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Treatment for heart attack patients is improving

Access for primary angioplasty varies from 5% to 93%, says report

Adrian O'Dowd

Thursday, 01 September 2011

Treatment for patients with a heart attack is improving with more people than ever receiving the ideal approach of primary angioplasty following their attack. 

The latest MINAP (Myocardial Ischaemia National Audit Project) audit published today shows that in England between April 2010 and March 2011, the number of patients receiving primary angioplasty rose from 63% to 82% compared to the previous year. 

In Wales the number rose from 22% last year to 30%, and in Belfast from 59% to nearly all patients – 99%.

The report’s authors said that 11 years since the start of the national clinical audit for the management of heart attack, most patients in the UK now have primary angioplasty (the damaged artery opened with a balloon catheter) rather than receive clot-busting drugs. 

Access, however, remained extremely variable with the percentage of patients in English cardiac networks that received primary angioplasty ranging between 5-93%. 

In six cardiac networks, less than half of patients received primary angioplasty, while in the two Welsh cardiac networks 2% and 32% of their patients received primary angioplasty.  

The MINAP audit is commissioned by the Healthcare Quality Improvement Partnership and run by the National Institute for Cardiovascular Outcomes Research, part of the National Centre for Cardiovascular disease Prevention and Outcomes within the UCL Institute of Cardiovascular Science. 

Heart attack is common and remains a major cause of death and ill health in the UK, but good treatment coupled with cardiac rehabilitation helps towards full recovery. 

Primary angioplasty is the preferred treatment for heart attack if it can be provided promptly.  

There has been a year on year fall in the percentage of patients with heart attack that die within 30 days of admission to hospital.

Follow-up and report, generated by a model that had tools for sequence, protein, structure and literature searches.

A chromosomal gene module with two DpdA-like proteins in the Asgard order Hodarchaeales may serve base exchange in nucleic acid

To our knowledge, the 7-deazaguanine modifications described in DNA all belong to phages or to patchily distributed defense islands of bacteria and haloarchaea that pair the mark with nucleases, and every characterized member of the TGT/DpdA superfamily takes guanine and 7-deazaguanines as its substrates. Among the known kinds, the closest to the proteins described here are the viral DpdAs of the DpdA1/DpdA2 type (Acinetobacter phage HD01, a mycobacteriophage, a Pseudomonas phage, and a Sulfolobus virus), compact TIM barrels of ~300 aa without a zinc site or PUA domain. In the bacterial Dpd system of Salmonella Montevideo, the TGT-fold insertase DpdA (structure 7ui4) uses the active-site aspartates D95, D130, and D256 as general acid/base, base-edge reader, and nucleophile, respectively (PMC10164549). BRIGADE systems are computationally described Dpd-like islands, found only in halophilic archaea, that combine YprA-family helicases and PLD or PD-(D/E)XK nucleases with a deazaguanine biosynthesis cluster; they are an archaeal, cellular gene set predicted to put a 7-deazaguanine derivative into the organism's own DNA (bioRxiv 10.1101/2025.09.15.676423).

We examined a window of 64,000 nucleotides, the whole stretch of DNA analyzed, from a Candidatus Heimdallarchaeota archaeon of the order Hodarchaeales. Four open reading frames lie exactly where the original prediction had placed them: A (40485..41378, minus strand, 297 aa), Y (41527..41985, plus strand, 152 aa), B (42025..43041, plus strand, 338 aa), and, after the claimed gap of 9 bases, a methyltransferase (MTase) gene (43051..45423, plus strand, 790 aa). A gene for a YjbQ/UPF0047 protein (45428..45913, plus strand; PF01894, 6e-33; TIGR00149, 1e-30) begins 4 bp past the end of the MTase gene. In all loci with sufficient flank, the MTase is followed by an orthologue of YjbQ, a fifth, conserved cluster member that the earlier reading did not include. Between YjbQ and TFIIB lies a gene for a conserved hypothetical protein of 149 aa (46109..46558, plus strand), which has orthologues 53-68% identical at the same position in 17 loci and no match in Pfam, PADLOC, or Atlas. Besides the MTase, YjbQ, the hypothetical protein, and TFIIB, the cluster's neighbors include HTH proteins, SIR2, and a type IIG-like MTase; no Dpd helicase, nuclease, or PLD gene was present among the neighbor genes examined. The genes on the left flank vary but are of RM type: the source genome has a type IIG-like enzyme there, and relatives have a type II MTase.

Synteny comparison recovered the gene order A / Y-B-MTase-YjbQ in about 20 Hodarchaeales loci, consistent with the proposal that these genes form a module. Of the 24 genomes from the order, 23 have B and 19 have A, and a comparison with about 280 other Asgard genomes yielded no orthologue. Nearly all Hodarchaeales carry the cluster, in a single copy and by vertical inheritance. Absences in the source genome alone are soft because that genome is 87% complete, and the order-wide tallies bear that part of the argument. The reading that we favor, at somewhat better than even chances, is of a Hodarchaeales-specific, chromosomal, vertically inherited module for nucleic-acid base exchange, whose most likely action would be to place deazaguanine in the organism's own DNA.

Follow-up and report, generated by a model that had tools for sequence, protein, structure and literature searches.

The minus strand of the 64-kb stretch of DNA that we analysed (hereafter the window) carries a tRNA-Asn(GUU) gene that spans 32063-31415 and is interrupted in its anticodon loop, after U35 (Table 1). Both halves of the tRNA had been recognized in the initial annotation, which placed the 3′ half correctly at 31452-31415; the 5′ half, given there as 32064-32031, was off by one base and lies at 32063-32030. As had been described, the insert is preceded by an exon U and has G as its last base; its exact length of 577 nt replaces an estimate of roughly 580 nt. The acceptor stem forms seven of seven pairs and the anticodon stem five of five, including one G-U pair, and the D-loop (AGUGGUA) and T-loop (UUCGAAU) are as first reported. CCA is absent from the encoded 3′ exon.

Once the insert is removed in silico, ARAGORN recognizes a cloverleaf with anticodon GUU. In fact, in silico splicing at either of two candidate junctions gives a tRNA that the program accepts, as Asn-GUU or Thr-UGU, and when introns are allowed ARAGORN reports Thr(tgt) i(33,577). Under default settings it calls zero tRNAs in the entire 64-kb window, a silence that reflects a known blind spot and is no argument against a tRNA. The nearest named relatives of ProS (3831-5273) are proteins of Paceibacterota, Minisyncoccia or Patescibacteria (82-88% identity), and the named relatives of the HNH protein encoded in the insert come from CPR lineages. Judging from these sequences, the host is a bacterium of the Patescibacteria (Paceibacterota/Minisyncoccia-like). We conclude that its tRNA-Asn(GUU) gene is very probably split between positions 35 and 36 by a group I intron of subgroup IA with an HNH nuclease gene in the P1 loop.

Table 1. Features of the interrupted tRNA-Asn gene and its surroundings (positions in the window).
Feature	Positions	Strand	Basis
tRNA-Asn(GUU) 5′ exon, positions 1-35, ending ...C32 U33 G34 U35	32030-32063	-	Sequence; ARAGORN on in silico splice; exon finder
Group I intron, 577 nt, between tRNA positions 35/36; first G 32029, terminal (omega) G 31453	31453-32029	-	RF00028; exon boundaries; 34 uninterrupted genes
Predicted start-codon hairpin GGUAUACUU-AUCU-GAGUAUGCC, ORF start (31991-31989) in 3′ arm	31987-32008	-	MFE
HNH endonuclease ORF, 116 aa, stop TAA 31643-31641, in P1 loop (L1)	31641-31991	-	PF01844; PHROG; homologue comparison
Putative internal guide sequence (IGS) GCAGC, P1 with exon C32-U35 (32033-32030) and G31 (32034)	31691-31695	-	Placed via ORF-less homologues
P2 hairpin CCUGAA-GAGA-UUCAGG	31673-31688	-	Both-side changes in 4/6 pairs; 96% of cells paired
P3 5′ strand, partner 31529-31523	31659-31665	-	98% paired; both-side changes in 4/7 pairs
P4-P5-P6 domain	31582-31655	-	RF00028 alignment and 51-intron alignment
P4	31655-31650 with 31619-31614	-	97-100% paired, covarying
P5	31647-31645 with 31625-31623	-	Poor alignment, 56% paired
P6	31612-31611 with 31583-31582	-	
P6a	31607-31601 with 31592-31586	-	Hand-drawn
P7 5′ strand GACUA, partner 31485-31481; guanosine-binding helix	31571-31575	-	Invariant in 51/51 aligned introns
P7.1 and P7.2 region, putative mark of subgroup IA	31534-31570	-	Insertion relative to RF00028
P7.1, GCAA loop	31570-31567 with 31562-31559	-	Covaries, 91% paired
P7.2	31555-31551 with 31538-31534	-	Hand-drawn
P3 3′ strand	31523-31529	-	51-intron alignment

The MINAP audit also measures the time from arrival at hospital to receiving treatment, and the time from calling for professional help. 

This year’s results showed that 90% of eligible patients in England, 68% in Wales and 87% in Belfast were treated with primary angioplasty within 90 minutes of arrival at the heart attack centre. 

Dr Clive Weston, clinical director of MINAP, said: “During the past decade, MINAP has documented major changes in the care provided to people who suffer heart attack. 

“What has not changed in that time is the commitment of individual clinicians, managers and administrators who, through their participation in MINAP, continue to promote the values of national clinical audit – to compare their performance against nationally-agreed best practice, and so to assure and enhance the quality of that care. The remarkable improvement in survival after heart attack bears testimony to their efforts.” 

Public health minister Anne Milton said: “It is good news that more people than ever before are getting primary angioplasty following a heart attack. 

“Last year, 90% of patients in England were treated promptly on arrival at a heart attack centre. This shows that by making small changes the NHS can deliver better, safer and more effective treatment and get better outcomes for patients. However, more needs to be done to improve access to primary angioplasty further.”

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